I began reading Rumi’s mystical poetry in the late 1990s when I first encountered a translation of his work by Coleman Barks, and he is someone that both Carolyn and I have been deeply inspired.
Jalāl al-Dīn Muḥammad Rūmī was a 13th Century Sufi mystic and Persian poet, who lived from 1207 to 1273. His poems have been widely translated into many languages, and he is one of the most popular and bestselling poets in the U.S.
Rumi was born to Persian-speaking parents, originally from the Balkh, which is now in Afghanistan. Rumi’s birthplace isn’t known for certain; scholars think that he was either born in Wakhsh, a village on the Vakhsh River in present-day Tajikistan or in the city of Balkh, which is in present-day Afghanistan. Rumi’s father was an eccentric Muslim teacher— a theologian, jurist, and mystic— who had a great influence on his son’s development.
When he was five years old, a young Rumi reportedly saw angels. Scholars have to tease apart legend from historical fact about Rumi’s past, but it is known that at the age of twenty-five, Rumi inherited the position of an Islamic teacher, when his father, the previous holder of the position, died.
For nine years, Rumi practiced Sufism as a disciple of Burhan ud-Din, and he became an Islamic Jurist, issuing legal rulings and giving sermons in the mosques of Konya. (Sufism is a branch of Islam that sees the religious practice as a means to oneness with God, and Sufis have traditionally infused their devotion with poetry and music.)
Rumi was known for his personal charm, as well as his great religious knowledge, and he brought musical instruments into prayer and practiced a whirling dance, that he believed helped the human soul to connect with the divine.
In 1244 Rumi met a member of the Sufi religious order named Shams-e Tabrizi (who had taken vows of poverty and austerity) that completely changed his life, and he became an ascetic.
Then, one fateful night in 1248, as Rumi and Shams were talking, Shams answered a mysterious knock at the back door. Shams went out the door and was never seen again. It was thought that he was murdered, and Rumi’s love for, and his bereavement over the death of Shams was expressed in a creative outpouring of lyric poems, known as the Divan-e Shams-e Tabrizi, and this is when Rumi began to seriously write poetry.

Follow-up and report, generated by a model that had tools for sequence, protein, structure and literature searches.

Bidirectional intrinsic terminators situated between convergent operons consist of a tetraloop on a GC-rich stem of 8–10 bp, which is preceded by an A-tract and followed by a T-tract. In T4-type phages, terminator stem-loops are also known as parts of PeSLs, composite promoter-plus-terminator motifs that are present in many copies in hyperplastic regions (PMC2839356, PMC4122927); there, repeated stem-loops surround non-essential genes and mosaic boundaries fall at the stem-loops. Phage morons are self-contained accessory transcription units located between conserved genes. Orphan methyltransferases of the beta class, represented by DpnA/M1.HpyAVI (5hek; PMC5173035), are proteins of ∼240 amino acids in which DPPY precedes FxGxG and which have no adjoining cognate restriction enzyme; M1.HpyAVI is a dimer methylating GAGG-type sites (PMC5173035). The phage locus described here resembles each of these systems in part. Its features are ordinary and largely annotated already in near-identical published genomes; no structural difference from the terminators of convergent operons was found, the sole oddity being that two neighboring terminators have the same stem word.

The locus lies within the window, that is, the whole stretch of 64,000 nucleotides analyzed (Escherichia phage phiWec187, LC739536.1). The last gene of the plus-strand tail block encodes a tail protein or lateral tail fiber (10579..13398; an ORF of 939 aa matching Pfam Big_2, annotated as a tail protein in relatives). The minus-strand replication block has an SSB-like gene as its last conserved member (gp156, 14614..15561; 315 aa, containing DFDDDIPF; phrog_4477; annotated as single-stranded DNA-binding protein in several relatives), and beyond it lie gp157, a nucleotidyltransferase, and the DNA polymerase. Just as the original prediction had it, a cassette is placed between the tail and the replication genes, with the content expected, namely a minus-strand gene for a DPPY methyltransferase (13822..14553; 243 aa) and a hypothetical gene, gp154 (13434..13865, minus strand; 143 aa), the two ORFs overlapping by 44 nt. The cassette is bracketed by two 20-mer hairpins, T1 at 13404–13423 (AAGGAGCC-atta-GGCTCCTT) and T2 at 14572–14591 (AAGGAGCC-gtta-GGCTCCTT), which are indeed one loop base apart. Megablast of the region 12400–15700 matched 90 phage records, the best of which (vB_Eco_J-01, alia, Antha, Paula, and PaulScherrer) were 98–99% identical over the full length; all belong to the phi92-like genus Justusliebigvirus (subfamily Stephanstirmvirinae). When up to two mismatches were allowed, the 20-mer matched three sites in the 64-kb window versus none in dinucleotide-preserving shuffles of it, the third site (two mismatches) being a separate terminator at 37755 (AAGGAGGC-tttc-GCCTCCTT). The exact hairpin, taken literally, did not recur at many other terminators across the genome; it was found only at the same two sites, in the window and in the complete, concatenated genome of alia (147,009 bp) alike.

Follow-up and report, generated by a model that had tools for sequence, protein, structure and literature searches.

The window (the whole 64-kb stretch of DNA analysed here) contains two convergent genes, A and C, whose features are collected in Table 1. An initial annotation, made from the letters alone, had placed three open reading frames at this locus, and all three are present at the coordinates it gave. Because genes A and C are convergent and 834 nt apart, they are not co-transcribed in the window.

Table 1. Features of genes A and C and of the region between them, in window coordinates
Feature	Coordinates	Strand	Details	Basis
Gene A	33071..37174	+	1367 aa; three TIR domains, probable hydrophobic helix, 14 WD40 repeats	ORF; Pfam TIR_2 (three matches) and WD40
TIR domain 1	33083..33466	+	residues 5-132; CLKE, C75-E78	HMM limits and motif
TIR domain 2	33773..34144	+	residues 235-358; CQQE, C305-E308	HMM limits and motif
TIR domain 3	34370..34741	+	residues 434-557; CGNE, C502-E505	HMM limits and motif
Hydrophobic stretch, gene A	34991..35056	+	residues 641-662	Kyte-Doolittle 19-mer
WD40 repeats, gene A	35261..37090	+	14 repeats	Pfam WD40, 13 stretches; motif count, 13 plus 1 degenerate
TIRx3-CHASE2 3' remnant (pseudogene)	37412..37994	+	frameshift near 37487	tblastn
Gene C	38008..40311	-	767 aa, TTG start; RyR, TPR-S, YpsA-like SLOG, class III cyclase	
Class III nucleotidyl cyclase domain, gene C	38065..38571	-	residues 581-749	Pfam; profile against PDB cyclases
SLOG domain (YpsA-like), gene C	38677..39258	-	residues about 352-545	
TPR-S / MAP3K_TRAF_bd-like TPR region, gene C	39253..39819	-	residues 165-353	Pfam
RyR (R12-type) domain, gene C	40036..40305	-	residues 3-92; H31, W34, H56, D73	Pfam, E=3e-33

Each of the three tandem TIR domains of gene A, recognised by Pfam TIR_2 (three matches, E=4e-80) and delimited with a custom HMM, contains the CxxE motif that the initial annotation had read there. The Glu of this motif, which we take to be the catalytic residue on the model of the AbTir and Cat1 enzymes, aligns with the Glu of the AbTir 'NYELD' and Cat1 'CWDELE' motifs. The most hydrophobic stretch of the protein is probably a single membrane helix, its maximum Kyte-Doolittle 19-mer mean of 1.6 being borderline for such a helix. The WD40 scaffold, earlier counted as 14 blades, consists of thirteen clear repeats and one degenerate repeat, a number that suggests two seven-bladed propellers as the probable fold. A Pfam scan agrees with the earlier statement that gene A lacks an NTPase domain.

Rumi went on to write over 3,000 lyrical, rhymed poems called “ghazals,” and over 2,000 four-line rhyming poems called “robaiyat,” which often deal with themes of love and mystical union with God. Although his works were written mostly in Persian, he sometimes also wrote in Greek, Turkish, and Arabic.
In December 1273, Rumi fell ill, predicted his own death, and composed one final poem. He gave his followers special instructions to treat the night of his death like they would “a joyous wedding night,” and he planned his own funeral, with singers, musicians, and dancers. Rumi’s body was entombed beside that of his father, and a shrine was erected over his place of burial.
Rumi’s epitaph reads:
“When we are dead, seek not our tomb in the earth, but find it in the hearts of men.”
Rumi’s work lives on and many people know his quotes from memes commonly passed around Facebook and Instagram, as his spiritual wisdom transcends culture, religion, and time. Some of the quotes that Rumi is remembered for include:
You are not a drop in the ocean. You are the entire ocean, in a drop.
Raise your words, not voice. It is rain that grows flowers, not thunder.
This place is a dream. Only a sleeper considers it real. Then death comes like dawn, and you wake up laughing at what you thought was your grief.
As you start to walk on the way, the way appears.
What hurts you, blesses you. Darkness is your candle.
There’s a field somewhere beyond all doubt and wrongdoing. I’ll meet you there.